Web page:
Weather has been a lot better than last year

Winter season for Moroccan tomatoes underway

The winter season of Moroccan tomatoes has started and after a great season last year, the goal for 2019 will be to match the results of that season. Although we’re not very far into the season; the prospects for the winter season look very promising. There is a lot of competition, however…

Tomatoes are grown year round in Morocco, but the year is divided in two seasons. Currently the winter season is well on its way and so far it has been great according to Lamia Al Adlouni, export manager for Atlantic Gulf Company (AGCO): “So far the season is going pretty well. We’re still at the beginning, but the weather has been very good to us. It is getting a bit colder though, and this may have its effect on the smaller fruits, like cherry tomatoes. Last year there was hardly any rain, but this year the weather has been a lot better to us overall.”

Thanks to the better start of the season, AGCO is expecting to match the winter season of last year. “Last season was a bit special due to the political crisis in the Gulf region. Those issues turned out to be great for Moroccan export, as we had 80% growth compared to the 2016/2017 season. The goal right now is to match that season, or maybe even grow a little bit. We have what we need to achieve that goal, as the tomatoes this season are of great shape, size and taste. Prices have not increased compared to last year, so there are no issues there either.” Al Adlouni explains.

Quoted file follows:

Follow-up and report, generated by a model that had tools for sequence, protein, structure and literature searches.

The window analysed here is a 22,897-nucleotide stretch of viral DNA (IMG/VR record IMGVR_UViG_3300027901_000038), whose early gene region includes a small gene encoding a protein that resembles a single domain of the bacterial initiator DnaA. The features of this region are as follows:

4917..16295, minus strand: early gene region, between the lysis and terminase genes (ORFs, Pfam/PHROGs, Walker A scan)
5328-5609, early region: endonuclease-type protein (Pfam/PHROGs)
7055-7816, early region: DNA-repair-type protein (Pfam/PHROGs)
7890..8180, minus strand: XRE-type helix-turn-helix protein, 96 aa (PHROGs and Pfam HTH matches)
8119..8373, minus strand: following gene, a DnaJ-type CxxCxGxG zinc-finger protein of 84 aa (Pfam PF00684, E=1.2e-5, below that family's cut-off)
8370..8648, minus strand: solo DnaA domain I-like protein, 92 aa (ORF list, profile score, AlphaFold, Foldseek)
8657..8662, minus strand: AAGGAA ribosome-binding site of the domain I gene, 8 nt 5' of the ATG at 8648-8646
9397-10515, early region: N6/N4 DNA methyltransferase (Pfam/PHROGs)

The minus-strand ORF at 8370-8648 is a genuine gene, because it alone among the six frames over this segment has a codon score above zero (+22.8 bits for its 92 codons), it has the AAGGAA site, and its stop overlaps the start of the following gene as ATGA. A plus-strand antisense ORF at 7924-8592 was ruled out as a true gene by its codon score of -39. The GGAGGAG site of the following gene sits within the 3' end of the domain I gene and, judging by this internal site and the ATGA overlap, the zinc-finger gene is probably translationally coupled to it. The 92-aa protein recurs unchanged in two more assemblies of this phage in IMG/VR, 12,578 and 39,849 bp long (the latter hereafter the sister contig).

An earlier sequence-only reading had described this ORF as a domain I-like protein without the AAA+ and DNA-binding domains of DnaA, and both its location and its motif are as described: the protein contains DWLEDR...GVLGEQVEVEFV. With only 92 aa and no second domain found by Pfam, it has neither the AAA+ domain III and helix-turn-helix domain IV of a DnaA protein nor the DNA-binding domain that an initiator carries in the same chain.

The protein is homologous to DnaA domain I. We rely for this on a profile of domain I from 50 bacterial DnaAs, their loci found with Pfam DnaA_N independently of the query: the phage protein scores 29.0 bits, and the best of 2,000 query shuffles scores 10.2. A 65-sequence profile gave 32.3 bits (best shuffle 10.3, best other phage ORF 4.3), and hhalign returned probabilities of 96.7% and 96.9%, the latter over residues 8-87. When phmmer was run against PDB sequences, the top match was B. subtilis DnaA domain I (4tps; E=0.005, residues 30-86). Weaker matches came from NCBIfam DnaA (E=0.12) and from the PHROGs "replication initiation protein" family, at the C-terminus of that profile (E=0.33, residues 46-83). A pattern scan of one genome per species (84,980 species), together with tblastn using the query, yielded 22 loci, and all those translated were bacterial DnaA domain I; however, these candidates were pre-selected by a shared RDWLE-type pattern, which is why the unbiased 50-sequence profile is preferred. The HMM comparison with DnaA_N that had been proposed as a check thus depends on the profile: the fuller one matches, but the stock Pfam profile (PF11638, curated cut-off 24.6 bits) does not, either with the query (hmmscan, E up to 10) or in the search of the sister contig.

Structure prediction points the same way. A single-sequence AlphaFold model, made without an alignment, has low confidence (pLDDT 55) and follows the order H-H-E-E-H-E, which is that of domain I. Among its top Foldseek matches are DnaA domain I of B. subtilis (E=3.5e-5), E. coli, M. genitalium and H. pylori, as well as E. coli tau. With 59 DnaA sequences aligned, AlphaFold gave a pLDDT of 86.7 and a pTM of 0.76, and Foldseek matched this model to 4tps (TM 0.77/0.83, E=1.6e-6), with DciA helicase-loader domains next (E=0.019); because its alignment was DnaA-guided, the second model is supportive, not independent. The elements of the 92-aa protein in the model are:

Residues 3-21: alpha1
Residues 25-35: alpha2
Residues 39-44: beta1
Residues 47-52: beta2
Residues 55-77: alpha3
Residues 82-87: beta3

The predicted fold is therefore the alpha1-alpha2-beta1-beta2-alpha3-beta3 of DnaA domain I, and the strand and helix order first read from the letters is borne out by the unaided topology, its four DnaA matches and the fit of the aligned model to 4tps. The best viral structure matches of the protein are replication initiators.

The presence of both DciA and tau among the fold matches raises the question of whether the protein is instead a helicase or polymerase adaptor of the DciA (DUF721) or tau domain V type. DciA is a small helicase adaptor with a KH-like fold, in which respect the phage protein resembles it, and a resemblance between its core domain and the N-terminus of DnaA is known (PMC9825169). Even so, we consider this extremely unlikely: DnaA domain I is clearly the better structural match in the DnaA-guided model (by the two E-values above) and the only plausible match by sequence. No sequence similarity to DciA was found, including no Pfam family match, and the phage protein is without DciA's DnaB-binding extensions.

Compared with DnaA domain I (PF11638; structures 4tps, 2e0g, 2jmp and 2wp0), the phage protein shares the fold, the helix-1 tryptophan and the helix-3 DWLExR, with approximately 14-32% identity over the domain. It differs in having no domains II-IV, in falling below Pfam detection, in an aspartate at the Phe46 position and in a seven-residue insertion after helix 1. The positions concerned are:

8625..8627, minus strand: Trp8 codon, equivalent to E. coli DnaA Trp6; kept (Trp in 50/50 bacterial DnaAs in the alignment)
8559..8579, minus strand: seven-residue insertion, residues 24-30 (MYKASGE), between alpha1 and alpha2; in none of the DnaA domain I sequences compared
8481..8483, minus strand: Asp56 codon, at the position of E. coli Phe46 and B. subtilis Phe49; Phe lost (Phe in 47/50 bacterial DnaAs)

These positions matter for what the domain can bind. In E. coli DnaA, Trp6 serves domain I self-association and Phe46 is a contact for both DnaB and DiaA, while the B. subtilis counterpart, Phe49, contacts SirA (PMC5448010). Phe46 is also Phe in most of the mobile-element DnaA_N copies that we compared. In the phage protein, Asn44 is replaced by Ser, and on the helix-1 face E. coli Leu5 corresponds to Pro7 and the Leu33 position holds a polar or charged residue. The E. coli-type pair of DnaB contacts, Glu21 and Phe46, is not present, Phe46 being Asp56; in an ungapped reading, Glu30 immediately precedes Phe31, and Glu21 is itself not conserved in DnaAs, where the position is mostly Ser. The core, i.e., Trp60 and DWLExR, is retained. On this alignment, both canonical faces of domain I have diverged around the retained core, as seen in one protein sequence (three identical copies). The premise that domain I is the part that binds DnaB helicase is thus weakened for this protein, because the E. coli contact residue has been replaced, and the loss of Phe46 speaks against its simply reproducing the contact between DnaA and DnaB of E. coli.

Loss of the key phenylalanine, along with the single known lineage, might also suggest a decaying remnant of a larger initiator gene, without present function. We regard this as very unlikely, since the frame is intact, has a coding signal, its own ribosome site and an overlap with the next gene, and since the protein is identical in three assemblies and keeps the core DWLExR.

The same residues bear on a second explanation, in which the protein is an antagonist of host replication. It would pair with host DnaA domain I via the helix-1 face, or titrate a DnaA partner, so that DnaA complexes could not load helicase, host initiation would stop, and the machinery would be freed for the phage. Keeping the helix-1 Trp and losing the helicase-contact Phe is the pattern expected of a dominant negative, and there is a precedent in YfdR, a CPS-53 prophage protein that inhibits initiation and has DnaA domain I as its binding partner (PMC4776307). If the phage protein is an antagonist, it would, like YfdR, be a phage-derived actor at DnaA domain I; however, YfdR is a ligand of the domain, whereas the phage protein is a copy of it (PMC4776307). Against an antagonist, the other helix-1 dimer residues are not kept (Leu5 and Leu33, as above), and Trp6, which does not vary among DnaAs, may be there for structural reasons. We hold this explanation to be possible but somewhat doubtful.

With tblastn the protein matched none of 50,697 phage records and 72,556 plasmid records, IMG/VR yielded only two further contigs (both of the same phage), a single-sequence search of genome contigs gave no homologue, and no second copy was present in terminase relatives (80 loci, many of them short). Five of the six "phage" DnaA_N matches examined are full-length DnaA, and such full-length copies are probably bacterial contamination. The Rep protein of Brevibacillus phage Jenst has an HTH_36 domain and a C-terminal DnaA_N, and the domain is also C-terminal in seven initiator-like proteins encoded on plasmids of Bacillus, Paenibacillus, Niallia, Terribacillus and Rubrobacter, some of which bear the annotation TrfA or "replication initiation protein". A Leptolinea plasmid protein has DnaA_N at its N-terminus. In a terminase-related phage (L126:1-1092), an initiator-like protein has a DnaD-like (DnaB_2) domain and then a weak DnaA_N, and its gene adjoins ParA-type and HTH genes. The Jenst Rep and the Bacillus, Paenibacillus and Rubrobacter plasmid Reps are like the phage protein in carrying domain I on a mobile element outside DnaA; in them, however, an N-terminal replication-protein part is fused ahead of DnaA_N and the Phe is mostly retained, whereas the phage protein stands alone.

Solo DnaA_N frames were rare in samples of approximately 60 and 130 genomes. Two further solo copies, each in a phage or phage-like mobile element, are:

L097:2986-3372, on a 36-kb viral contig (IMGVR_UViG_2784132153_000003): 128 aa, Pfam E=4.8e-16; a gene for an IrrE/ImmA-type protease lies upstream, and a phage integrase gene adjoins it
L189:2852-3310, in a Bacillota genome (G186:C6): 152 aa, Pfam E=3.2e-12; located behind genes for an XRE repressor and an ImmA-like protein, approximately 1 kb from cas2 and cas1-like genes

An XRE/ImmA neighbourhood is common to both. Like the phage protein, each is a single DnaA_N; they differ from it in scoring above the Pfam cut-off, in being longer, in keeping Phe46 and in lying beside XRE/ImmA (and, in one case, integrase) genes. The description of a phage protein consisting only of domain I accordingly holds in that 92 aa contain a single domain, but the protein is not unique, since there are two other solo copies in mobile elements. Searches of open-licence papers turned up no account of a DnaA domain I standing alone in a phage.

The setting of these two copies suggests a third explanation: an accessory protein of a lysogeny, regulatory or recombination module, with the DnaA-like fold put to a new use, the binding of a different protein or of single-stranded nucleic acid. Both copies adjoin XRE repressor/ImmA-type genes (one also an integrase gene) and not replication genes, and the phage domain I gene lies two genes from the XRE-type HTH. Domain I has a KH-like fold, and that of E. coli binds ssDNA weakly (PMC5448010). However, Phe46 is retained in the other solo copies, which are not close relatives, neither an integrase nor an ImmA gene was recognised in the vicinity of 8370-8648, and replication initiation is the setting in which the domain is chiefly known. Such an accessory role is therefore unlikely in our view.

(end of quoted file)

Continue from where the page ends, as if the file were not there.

The Moroccan tomatoes make their way from Morocco to European and Russian countries mostly. But they found a new great demand in Middle East and Africa: “When dealing with the United Arab Emirates fairly close to you, things can get complicated, as they buy a lot of produce simply to re-export further to the East. Countries like Spain, Egypt and Holland have great produce, and from Egypt it’s actually cheaper to transport the tomatoes to a lot of countries who are willing to import them. We feel our tomatoes are of a good enough quality to compete on the market though.” says Al Adlouni.

For the future, AGCO is putting its sights on the Asian market: “We’re already in contact to start exporting some of our other produce to Asia. For instance we’re trying to export our blueberries to Malaysia and are always looking for more opportunities. It’s why we’ll also visit Fruit Logistica in Berlin, to hopefully meet some new contacts.”

For more information:
Lamia Al Adlouni
Atlantic Gulf Company (AGCO)
Tel: +212 5 37 77 59 48
Email: lamia@agcofruit.ma
www.agcofruit.com 


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